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Investors who take an interest in Life360, Inc. (ASX:360) should definitely note that the Independent Non-Executive Director, James Synge, recently paid AU$10.38 per share to buy AU$519k worth of the stock. Although the purchase only increased their holding by 3.0%, it is still a solid purchase in our view.
The Last 12 Months Of Insider Transactions At Life360
In fact, the recent purchase by James Synge was the biggest purchase of Life360 shares made by an insider individual in the last twelve months, according to our records. That means that an insider was happy to buy shares at around the current price of AU$11.63. Of course they may have changed their mind. But this suggests they are optimistic. We do always like to see insider buying, but it is worth noting if those purchases were made at well below today's share price, as the discount to value may have narrowed with the rising price. In this case we're pleased to report that the insider bought shares at close to current prices. James Synge was the only individual insider to buy shares in the last twelve months.
James Synge purchased 110.00k shares over the year. The average price per share was AU$6.99. You can see a visual depiction of insider transactions (by companies and individuals) over the last 12 months, below. If you click on the chart, you can see all the individual transactions, including the share price, individual, and the date!
There are plenty of other companies that have insiders buying up shares. You probably do not want to miss this free list of growing companies that insiders are buying.
Another way to test the alignment between the leaders of a company and other shareholders is to look at how many shares they own. I reckon it's a good sign if insiders own a significant number of shares in the company. Life360 insiders own 13% of the company, currently worth about AU$256m based on the recent share price. This kind of significant ownership by insiders does generally increase the chance that the company is run in the interest of all shareholders.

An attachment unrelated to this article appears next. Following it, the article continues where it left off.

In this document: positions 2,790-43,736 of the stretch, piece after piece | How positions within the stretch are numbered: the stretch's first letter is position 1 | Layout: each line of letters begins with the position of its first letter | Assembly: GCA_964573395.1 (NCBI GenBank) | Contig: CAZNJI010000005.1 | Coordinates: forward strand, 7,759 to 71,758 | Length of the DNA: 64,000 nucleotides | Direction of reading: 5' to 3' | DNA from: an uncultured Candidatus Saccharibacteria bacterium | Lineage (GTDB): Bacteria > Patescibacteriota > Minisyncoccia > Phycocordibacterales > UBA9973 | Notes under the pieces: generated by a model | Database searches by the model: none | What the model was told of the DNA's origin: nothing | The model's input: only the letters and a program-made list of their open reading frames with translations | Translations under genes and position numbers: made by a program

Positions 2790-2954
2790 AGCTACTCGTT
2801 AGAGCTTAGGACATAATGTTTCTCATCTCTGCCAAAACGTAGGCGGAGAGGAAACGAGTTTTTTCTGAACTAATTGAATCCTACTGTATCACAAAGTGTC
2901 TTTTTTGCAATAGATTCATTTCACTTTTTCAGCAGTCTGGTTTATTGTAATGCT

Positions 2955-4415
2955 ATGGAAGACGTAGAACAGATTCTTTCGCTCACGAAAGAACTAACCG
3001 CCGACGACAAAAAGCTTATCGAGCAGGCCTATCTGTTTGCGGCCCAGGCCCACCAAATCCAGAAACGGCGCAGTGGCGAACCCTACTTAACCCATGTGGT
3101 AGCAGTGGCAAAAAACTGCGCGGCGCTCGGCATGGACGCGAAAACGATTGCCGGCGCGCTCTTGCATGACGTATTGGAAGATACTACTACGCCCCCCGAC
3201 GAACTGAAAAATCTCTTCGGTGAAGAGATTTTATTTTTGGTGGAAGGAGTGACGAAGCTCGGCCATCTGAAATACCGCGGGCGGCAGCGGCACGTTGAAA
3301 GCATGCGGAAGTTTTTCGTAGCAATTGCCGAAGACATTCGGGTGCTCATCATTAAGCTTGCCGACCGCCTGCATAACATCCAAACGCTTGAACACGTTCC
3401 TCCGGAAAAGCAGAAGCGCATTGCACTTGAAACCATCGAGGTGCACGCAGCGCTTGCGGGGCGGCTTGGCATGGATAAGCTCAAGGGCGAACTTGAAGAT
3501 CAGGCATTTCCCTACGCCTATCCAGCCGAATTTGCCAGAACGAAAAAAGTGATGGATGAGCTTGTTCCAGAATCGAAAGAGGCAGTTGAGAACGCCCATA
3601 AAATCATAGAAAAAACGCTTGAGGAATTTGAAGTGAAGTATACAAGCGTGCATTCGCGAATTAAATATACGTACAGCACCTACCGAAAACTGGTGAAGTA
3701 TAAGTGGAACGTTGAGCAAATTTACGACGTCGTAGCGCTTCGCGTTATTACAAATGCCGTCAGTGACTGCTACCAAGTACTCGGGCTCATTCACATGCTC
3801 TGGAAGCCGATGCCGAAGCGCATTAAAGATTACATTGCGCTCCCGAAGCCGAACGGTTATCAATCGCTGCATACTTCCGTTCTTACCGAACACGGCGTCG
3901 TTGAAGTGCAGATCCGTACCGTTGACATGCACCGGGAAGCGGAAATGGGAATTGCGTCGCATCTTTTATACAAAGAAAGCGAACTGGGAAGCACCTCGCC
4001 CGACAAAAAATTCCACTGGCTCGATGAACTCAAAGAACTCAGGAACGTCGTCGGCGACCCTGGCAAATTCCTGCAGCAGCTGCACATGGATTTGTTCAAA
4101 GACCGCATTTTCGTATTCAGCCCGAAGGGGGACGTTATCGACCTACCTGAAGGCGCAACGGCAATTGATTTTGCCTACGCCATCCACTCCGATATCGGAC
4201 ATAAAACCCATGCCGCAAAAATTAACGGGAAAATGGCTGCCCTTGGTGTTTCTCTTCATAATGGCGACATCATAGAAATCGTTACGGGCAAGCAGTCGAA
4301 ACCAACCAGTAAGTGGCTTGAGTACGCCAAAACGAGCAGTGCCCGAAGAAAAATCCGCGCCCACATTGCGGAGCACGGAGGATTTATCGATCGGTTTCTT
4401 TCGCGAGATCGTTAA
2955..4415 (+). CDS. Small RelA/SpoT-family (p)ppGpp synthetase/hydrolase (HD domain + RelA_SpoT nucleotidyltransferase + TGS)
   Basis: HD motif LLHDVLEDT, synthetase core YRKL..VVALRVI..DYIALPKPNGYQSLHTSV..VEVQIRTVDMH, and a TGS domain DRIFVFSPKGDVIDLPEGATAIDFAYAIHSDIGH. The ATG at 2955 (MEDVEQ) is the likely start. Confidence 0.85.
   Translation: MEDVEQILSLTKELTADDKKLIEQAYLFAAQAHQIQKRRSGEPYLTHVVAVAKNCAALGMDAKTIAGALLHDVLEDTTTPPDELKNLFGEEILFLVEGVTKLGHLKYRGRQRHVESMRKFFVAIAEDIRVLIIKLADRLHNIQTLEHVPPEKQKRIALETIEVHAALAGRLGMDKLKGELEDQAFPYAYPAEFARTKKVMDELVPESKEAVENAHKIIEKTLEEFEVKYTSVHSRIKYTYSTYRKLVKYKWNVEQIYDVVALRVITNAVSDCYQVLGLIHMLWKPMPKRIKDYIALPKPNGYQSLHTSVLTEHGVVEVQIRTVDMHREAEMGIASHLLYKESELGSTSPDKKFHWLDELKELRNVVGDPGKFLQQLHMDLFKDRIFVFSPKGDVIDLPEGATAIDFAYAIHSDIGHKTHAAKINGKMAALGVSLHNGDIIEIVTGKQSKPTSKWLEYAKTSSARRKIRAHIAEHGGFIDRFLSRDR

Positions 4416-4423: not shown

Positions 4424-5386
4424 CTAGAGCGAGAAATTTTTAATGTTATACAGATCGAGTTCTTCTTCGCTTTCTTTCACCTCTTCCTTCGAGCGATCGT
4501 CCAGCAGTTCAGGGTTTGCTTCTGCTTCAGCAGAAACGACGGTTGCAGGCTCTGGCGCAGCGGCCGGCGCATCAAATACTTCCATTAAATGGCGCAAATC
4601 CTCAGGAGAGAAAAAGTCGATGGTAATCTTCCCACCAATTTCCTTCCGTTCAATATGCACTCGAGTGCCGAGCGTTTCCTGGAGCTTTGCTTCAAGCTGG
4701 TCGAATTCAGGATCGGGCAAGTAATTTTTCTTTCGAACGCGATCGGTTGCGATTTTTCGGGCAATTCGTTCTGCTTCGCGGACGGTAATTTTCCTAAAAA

So What Do The Life360 Insider Transactions Indicate?
The recent insider purchase is heartening. We also take confidence from the longer term picture of insider transactions. But we don't feel the same about the fact the company is making losses. When combined with notable insider ownership, these factors suggest Life360 insiders are well aligned, and quite possibly think the share price is too low. Looks promising! So these insider transactions can help us build a thesis about the stock, but it's also worthwhile knowing the risks facing this company. At Simply Wall St, we found 3 warning signs for Life360 that deserve your attention before buying any shares.
Of course, you might find a fantastic investment by looking elsewhere. So take a peek at this free list of interesting companies.
For the purposes of this article, insiders are those individuals who report their transactions to the relevant regulatory body. We currently account for open market transactions and private dispositions, but not derivative transactions.
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This article by Simply Wall St is general in nature. We provide commentary based on historical data and analyst forecasts only using an unbiased methodology and our articles are not intended to be financial advice. It does not constitute a recommendation to buy or sell any stock, and does not take account of your objectives, or your financial situation. We aim to bring you long-term focused analysis driven by fundamental data. Note that our analysis may not factor in the latest price-sensitive company announcements or qualitative material. Simply Wall St has no position in any stocks mentioned.